Ok, let’s be real. This is not a review, just my ramblings! I have never reviewed anything, so how about we all agree to set our expectations low, ok? Ok! Like my picture for instance. I have no idea what the rules are for using promotional photos for a television show, so I figured a quick selfie with the website on my iPad would do the trick! Genius or lazy? I’m not too sure!
So after hearing from a handful of friends that I should watch “The Good Doctor” and seeing promo after promo from ABC saying that it’s the number one new drama on their network, I thought ok, ok, I’ll give it a shot. Truth be told, while I have wanted to watch it ever since I heard about it, I have been extremely nervous. I don’t know about you, but seeing one of the most intimate and painful parts of your life portrayed on a screen when I have ZERO control over how it’s filtered is not exactly my idea of entertainment. That being said, I couldn’t resist. I binge watched all the current episodes the past couple of nights. That also might be the reason I dozed off in the car rider pick up line today. Hmmm? I’d rather believe that is just a result of only having 1 cup of coffee as opposed to my normal 3. It’s currently 4:41 pm, and now I want coffee. Crap. I’d rather hold out for wine. But I digress.
Dr. Shaun Murphy is the “Good Doctor” in the show. He’s a surgical resident that also has Autism. The first episode was extremely hard for me to watch. I had to turn it off a couple times, then psych myself back up to watch it. Shaun has flashbacks to his childhood throughout the show. They are very painful. Lots of abuse, ridicule, and bullying. While nothing to the extent of any of these situations has ever happened to my son, Michael, it twists my stomach into knots to see these things playing out on television.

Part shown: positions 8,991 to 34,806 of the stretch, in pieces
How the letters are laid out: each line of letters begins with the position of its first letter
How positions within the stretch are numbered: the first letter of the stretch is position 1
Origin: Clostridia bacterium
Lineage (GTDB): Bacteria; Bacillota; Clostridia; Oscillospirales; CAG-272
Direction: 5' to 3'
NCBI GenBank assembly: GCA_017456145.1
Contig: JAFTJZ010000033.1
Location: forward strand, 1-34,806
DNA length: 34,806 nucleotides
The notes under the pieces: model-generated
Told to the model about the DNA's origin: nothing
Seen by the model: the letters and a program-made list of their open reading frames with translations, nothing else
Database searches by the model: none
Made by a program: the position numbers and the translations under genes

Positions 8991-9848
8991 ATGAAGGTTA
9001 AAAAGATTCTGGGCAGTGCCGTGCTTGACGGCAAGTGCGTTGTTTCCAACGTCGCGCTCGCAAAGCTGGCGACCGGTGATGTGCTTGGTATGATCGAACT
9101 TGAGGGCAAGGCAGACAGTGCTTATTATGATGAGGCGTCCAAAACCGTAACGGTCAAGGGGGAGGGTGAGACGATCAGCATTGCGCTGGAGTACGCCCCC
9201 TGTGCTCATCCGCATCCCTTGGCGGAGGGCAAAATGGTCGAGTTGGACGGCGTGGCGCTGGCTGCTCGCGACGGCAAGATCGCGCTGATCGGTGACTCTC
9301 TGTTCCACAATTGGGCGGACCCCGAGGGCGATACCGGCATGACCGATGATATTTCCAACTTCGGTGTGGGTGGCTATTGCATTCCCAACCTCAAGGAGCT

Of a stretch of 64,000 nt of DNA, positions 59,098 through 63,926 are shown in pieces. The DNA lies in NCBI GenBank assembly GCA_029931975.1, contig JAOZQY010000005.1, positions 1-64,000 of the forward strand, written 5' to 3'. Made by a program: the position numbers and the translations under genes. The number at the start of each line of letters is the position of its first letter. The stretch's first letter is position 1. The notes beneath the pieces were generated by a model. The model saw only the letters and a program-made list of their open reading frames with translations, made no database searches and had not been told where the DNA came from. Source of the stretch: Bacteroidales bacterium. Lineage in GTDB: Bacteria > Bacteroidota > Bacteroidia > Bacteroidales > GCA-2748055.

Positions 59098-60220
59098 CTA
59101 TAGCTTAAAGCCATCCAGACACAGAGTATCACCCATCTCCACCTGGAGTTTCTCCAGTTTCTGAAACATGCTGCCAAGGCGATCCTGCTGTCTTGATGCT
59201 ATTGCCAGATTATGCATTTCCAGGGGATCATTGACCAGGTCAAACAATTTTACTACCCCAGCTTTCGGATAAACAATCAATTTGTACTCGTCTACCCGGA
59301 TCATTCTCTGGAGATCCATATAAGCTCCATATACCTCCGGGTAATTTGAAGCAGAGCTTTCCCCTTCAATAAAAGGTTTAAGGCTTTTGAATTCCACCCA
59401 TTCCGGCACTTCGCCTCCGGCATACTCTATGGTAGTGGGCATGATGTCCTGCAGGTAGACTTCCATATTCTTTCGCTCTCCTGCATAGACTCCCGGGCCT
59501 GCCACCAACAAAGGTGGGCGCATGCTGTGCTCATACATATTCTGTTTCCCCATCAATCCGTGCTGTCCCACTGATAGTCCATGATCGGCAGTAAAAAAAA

Probably my favorite aspect of the show so far is how the writers and the actor that plays Shaun, Freddie Highmore, captures his innocence. Maybe that’s not the best word. Let me give some context. One of the things that I love most about Michael is that he doesn’t have ulterior motives. He says what he means and he means what he says. He doesn’t manipulate. He doesn’t try to hurt people’s feelings. He doesn’t lie. I truly think for Michael, and for many people with Autism, they truly do see everyone as equal. I hear Autism moms all the time that say one of the hardest parts about having their child teased is that they don’t even realize its happening, and that is NOT because they are stupid or immature. It’s because they would never do that to anyone else, so why would anyone do that to them. Highmore does a fantastic job, in my opinion, of capturing this. The sweetness of his character. The genuineness of his heart.